Some readers will point out that we don’t know what the future holds and the tax-free nature of distributions from an HSA account could be changed. I agree with that. But, the change will never be implemented overnight. There will be a window where you can still use your HSA money tax-free. Or, any money you have in the plan could be “grandfathtered” in meaning only new money will be taxed.
Additionally, even if taxes are introduced, if you hold off until retirement to use the money, the money you invested will be worth much more and you could be in a lower tax bracket, off-setting most if not all of the tax you would pay.
The HSA is a great tool for saving money on health care expenses, but what’s better is using your HSA as a retirement account to supplement your retirement savings. I highly recommend looking into it to see how you may benefit from it. For your convenience, I compiled a list of eligible HSA expenses so you aren’t caught off-guard as to what you can use the money in your account for tax-free.
Finally, if you have any confusion over health care (it is confusing after all, check out my complete guide to understanding health insurance. Don’t worry, it’s a fun read.)
Readers, what are your thoughts on using your HSA account as a retirement account?
I have over 15 years experience in the financial services industry and 20 years investing in the stock market. I have both my undergrad and graduate degrees in Finance, and am FINRA Series 65 licensed and have a Certificate in Financial Planning.
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7 thoughts on “Using Your HSA Account as A Retirement Account”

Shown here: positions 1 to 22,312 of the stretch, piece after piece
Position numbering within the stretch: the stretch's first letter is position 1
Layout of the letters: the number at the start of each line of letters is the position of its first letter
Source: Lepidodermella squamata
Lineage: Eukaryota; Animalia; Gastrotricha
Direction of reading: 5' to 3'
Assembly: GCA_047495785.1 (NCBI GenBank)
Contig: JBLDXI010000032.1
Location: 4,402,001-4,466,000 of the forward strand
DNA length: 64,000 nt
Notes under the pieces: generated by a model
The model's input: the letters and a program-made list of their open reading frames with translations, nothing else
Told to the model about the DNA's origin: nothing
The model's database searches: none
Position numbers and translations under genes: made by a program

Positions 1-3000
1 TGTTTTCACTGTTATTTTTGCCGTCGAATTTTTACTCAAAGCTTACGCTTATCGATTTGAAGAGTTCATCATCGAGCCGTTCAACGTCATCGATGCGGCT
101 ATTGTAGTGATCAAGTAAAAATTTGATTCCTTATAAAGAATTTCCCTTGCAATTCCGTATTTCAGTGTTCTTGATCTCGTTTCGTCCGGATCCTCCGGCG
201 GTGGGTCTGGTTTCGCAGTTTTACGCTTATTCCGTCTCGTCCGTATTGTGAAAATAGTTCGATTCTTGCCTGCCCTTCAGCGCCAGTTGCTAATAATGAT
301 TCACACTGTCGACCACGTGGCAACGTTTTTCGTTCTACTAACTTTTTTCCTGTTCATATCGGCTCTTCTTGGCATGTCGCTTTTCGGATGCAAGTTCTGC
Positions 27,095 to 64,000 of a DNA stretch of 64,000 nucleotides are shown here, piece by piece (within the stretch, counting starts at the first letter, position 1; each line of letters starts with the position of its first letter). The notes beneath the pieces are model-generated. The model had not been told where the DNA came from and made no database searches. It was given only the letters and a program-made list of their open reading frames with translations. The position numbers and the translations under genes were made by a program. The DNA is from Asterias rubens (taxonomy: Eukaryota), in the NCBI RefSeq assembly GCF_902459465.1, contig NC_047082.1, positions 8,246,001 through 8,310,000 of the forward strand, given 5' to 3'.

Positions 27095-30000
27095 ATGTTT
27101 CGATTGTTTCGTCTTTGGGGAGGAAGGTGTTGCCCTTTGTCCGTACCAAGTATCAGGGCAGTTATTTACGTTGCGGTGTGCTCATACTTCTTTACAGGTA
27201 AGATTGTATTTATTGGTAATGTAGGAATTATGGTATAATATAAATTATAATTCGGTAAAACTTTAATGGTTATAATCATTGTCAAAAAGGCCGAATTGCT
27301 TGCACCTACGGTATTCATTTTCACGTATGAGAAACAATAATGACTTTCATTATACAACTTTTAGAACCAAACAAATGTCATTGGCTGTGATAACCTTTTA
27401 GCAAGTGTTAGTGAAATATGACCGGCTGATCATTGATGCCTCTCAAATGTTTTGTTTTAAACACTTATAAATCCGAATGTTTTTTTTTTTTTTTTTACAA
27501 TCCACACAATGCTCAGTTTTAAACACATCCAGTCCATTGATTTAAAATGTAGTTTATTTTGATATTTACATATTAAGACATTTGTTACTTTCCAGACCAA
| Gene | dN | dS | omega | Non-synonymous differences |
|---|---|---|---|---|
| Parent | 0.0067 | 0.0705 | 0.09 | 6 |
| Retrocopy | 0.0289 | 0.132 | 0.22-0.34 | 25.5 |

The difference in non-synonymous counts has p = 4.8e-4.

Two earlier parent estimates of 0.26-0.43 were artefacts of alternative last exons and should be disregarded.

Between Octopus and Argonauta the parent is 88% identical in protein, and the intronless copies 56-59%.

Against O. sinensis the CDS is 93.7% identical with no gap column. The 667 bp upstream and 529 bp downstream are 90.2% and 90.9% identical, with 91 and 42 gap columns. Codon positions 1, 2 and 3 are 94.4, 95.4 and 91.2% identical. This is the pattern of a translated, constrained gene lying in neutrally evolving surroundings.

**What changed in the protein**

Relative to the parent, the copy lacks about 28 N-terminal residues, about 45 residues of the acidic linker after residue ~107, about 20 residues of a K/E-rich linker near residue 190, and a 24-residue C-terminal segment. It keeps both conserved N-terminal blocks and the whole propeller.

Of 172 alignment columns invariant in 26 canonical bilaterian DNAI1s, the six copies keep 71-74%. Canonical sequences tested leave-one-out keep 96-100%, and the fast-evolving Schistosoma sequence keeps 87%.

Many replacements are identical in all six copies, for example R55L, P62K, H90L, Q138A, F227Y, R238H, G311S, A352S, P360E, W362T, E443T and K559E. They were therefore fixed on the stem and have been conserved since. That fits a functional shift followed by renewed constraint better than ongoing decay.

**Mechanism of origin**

That's a very savvy tax move. I never thought of the possibility of using an HSA that way. Now that I am self employed though I wonder if there is a similar plan for self employed individuals?
My understanding is that you can contribute to an HSA as a self employed person. I would suggest you check out the IRS website.
My work doesn't offer an HSA except to the owners of the company. But you give me tax advantaged accounts and I'll fill them all up. I'm not a tax speculator, so if it changes at some point then I'll adjust. For now, I'll fill up all the Roths I can get my hands on (except not yours, sorry, haha, just my wife's and mine…) plus my 401(k).
Sure you don't know where taxes are going but I think some people use that as an excuse not to save. Just save.
I agree. We don't know what taxes will be in the future. They could be higher or they could be lower. Just focus on the now and save all that you can and make adjustments as tax laws dictate.
This is an old article but maybe this comment will find you. 🙂
Can you expound on this part “(HSA’s allow for you to invest the money in your account)”… where/how can you invest that?
Most HSA accounts are simply like a bank savings account and many have an investment option tied to them. If you can’t find yours, it’s best to ask. The investment option will allow you to transfer some of the money in the savings account into some mutual funds. Many charge all kinds of fees, so you have to keep an eye out for that.
Wow. I had no idea. Sounds like I need to be putting more into my HSA… Thanks for the great info!